Last night I had the privilege of being the guest on #seochat – a fairly new but very active Twitter Chat that happens on Thursday nights at 8pm CT. Twitter chats are familiar territory and can be very engaging, especially when they’re as well run as #seochat. Thanks to @Dan_Patterson for inviting me. You can read the whole transcript of our discussion on SEO and Content Marketing here.
Besides the host being organized, one of the keys to a successful Twitter Chat is the prep done by the guest. Time goes by insanely fast when 10, 20 or a few hundred people are all tweeting to the same hashtag at the same time. I received questions in advance from Dan and then took the time to construct Twitter friendly replies in a text document including stats and links to supporting resources. Below are my prep notes on the topic of Content Marketing and SEO.
Q1: What are the most effective forms of content marketing?
The answer to “best content marketing” isn’t a silver bullet. However, it does involve personas, storytelling & crafting content designed to meet customer needs. For a pretty good post on developing personas: Developing Personas for Better Social Media Marketing.
The best content marketing has a purpose in mind for a particular audience and an outcome or objective according to customer preferences. This is somewhat in contrast to a lot of SEO work which tends to focus on optimizing existing content to appear where customers are looking. The good news is that working together, Content Marketing and SEO amplifies effectiveness and becomes a competitive advantage.
Format-wise, effective content marketing tactics might be text or video or interactive or audio or print or more likely a combination according to the point in the buying cycle that the marketer is trying to engage.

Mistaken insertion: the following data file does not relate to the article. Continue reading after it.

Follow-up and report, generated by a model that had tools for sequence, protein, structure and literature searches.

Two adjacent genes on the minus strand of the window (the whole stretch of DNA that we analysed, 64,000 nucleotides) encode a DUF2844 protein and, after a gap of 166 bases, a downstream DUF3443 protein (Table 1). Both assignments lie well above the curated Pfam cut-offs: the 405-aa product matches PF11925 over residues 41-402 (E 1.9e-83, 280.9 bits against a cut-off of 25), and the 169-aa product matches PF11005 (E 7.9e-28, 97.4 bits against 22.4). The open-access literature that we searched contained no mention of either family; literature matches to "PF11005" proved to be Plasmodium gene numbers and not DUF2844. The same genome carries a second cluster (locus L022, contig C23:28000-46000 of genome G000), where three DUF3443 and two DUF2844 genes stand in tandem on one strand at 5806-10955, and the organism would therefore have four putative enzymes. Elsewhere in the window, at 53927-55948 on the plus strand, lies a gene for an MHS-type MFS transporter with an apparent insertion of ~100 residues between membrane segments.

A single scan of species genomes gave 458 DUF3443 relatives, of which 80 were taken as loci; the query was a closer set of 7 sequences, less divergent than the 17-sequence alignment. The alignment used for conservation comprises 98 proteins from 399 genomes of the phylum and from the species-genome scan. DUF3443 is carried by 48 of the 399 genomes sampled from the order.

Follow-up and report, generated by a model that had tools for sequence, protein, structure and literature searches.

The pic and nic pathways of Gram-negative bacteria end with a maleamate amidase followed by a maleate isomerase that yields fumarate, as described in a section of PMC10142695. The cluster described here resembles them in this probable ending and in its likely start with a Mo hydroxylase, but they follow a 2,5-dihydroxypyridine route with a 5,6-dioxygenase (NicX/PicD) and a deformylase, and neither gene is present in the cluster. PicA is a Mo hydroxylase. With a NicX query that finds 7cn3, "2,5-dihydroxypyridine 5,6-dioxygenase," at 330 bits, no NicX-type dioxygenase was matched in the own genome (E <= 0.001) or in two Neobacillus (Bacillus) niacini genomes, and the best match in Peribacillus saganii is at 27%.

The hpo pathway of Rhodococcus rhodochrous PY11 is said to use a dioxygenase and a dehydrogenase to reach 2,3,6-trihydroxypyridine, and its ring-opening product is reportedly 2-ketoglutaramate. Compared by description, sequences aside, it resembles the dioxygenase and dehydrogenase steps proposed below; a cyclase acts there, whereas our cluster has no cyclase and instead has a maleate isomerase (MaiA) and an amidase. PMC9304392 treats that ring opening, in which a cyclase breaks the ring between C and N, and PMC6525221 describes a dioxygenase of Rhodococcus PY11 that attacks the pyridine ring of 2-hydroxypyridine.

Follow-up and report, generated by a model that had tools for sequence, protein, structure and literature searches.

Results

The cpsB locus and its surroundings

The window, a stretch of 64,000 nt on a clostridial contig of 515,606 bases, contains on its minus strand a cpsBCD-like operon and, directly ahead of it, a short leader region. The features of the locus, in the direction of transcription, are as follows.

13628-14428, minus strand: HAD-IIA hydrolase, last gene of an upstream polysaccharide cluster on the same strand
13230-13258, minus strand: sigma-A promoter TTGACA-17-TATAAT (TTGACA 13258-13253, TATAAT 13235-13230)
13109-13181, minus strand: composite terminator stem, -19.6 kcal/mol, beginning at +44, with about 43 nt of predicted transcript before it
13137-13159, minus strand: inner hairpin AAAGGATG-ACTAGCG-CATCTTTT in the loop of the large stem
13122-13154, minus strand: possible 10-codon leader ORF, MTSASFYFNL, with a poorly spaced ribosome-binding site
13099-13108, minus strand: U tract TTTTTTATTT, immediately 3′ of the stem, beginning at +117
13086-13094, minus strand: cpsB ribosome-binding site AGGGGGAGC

Regarding matching content types with touchpoints in the buying cycle, check this post: Customer Life Cycle & Content Marketing.
Q2: After blogging, what’s the next best way to establish yourself as a thought leader in your industry?
I think there are many ways to do that, but here are 3:
- As the name “thought leader” implies, being able to communicate original ideas and take a position on important topics – consistently.
- “Act the part”: This isn’t my thing, but I’ve seen many people act is if they were in a thought leader position from day one and their confidence spread and people accepted them according the that behavior. Fortunately and unfortunately, perception is reality.
- “Birds of a feather, flock together”: Being on lists along with established thought leaders influences the perception that you belong.
Also, media coverage from relevant industry publications and mentions by other influentials is very effective for building credibility and authority. This assumes the coverage is positive or complimentary of course 🙂
Networking is key. For example: Getting kudos from a keynote speaker in front of a room with a few thousand people is priceless credibility during a conference.